How did we get here?

24 May 2019 | Opinion

How did we get to a situation, as a country, where our government is asking already struggling workers to donate 2% of the salaries as a one-off payment, ostensibly for drought-relief efforts? How did we get to a situation where we have had to go cap in hand to ask for billions in loans? How did we get to a situation where the Namibia Student Financial Assistance Fund (NSFAF) has now been forced to turn away 12 000 applicants who met the minimum requirements and were eligible for funding this year? How did we get to a situation where nearly half the youth are unemployed? The list of our woes is long and seemingly endless.

The once-thriving Namibian economy, albeit still shockingly lacking value-addition to our raw materials, is now far removed from its salad days.

It is a sad state of affairs, most importantly for Namibian families who are suffering amid one of the worst droughts in history.

But to lay the blame at the current administration's door would be too simplistic.

At different stages since our democracy was birthed 29 years ago, a coterie of the connected have feasted on the state largesse, as massive and often non-priority projects and initiatives ended up buying sports cars, SUVs and other luxury items for tenderpreneurs who enjoyed close proximity to political power.

When we should have focused on industrialisation, our bones were being picked clean. When we should have invested in real job-creation, we gave tender magnates the leeway to rake in millions, without them even finishing their projects. We have allowed impunity to become our national sport, as bigwigs escape the law, while those stealing fuel are targeted by our so-called anti-corruption fighters. Our entire democracy is built on one-party domination.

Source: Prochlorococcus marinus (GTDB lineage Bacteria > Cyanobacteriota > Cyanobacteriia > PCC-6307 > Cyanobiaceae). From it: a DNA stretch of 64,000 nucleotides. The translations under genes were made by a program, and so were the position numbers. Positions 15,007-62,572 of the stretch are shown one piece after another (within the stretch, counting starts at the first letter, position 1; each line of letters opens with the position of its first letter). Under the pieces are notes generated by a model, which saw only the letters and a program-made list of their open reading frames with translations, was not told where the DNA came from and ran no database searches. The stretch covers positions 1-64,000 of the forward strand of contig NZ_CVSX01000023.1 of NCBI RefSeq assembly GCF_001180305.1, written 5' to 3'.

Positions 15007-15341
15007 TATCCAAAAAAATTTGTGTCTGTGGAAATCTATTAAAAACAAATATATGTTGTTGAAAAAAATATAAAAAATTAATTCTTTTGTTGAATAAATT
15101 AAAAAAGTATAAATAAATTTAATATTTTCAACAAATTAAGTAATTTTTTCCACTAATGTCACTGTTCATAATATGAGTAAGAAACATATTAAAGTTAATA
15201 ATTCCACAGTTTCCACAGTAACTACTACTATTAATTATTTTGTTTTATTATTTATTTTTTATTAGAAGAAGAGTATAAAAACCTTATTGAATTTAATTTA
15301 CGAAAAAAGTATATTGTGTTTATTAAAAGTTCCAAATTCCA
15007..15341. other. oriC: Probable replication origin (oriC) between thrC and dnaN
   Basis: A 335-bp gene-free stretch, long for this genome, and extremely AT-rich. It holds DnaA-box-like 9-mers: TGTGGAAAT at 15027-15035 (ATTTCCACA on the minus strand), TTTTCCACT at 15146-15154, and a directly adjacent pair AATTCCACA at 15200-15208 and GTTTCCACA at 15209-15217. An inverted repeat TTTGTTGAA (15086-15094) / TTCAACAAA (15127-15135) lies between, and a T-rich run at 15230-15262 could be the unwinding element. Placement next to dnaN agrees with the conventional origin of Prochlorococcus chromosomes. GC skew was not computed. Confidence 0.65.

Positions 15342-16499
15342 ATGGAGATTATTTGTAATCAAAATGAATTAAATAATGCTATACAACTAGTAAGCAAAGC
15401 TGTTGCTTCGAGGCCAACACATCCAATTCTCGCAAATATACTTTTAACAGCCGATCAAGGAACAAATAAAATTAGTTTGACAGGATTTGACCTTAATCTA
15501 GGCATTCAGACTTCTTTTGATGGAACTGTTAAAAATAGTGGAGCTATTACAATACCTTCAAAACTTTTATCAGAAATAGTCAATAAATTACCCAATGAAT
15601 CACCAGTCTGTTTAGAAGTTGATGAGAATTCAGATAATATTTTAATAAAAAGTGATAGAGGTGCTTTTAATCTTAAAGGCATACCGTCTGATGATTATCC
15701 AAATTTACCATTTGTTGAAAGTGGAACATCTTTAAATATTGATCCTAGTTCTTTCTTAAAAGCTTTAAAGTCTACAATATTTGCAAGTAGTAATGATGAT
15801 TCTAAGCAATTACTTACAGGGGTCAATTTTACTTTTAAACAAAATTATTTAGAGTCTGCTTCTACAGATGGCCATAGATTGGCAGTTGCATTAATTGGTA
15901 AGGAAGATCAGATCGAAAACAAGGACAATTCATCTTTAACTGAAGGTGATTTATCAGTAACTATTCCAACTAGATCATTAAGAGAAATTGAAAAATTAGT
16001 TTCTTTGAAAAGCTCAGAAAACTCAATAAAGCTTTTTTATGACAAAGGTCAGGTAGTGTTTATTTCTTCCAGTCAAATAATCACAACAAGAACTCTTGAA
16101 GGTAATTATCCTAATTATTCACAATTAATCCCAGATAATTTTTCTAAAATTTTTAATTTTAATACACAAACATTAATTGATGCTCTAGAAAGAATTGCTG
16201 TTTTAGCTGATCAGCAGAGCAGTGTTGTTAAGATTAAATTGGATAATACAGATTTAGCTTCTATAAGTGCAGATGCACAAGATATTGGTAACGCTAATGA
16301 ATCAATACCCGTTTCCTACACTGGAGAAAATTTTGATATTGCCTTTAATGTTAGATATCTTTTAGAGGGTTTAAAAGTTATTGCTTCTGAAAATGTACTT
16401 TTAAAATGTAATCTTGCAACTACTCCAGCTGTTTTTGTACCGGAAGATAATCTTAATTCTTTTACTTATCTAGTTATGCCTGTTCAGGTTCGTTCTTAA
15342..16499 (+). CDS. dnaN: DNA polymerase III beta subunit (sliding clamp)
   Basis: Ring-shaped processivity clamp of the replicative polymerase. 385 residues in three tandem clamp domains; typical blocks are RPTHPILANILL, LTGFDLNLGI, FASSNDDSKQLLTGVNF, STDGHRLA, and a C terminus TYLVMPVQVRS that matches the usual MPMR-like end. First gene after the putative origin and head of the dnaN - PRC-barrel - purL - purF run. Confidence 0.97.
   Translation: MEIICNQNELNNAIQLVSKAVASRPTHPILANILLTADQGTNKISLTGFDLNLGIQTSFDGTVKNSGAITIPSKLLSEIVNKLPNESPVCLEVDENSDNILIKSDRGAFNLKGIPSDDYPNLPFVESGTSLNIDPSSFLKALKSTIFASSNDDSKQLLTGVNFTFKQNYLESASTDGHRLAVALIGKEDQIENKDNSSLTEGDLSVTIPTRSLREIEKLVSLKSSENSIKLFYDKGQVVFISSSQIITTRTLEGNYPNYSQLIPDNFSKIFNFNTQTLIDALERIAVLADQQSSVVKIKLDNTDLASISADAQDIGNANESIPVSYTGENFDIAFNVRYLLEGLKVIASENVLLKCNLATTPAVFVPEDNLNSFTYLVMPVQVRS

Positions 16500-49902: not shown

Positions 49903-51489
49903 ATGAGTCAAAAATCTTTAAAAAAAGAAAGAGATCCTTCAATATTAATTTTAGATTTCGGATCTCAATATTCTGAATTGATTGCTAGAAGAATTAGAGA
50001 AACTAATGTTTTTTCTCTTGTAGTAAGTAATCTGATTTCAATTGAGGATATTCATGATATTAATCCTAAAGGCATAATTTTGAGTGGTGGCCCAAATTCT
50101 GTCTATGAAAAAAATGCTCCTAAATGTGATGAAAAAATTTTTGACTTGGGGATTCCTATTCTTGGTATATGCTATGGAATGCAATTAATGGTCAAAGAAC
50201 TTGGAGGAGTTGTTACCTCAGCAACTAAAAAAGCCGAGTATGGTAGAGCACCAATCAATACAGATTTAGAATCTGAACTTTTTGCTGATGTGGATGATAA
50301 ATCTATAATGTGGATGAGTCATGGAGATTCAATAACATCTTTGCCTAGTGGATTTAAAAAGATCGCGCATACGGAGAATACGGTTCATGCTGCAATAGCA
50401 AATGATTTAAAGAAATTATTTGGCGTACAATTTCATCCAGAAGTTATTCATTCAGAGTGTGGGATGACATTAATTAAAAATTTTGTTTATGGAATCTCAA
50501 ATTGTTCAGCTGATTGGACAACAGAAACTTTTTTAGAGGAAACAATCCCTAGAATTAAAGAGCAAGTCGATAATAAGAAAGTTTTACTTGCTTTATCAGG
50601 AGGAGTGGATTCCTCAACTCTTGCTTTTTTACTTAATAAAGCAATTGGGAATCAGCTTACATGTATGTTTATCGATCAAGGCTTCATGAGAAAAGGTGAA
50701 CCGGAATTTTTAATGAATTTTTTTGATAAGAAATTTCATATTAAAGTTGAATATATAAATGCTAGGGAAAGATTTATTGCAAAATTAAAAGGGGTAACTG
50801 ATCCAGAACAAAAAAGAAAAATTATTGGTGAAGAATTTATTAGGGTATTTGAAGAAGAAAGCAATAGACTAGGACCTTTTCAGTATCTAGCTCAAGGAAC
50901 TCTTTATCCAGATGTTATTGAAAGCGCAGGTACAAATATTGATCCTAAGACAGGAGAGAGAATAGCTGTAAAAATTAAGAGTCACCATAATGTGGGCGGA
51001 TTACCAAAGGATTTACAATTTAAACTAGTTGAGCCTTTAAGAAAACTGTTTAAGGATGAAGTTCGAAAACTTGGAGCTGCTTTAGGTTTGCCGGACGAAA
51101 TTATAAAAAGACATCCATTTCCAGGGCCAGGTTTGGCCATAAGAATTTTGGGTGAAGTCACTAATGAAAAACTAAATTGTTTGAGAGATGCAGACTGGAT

We literally believe that we can put the fox in charge of the henhouse and still find our chickens alive when we return home from our daily toils. We have been shopping at Edgars on a Pep budget for years and years.





Our government officials have so many bodyguards and flashy cars you would think there is a sniper around every corner.

Our state-owned enterprises have been run like there is an endless stream of gold coins being laid by a golden goose in fairy tales.

Other countries will look at our cabinet and civil service and believe that we have 200 million people instead of 2.6 million. And while workers are now being asked to dip into their already empty pockets, our leaders clock up flying miles as if they received a memo that this will be the last year humans will be able to take to the skies.

How did we get here? We were ferried here by those intent on vacuuming up the state's coffers, while the rest of us have been left to fend for ourselves. And now they want more of our hard-earned money. Sies man!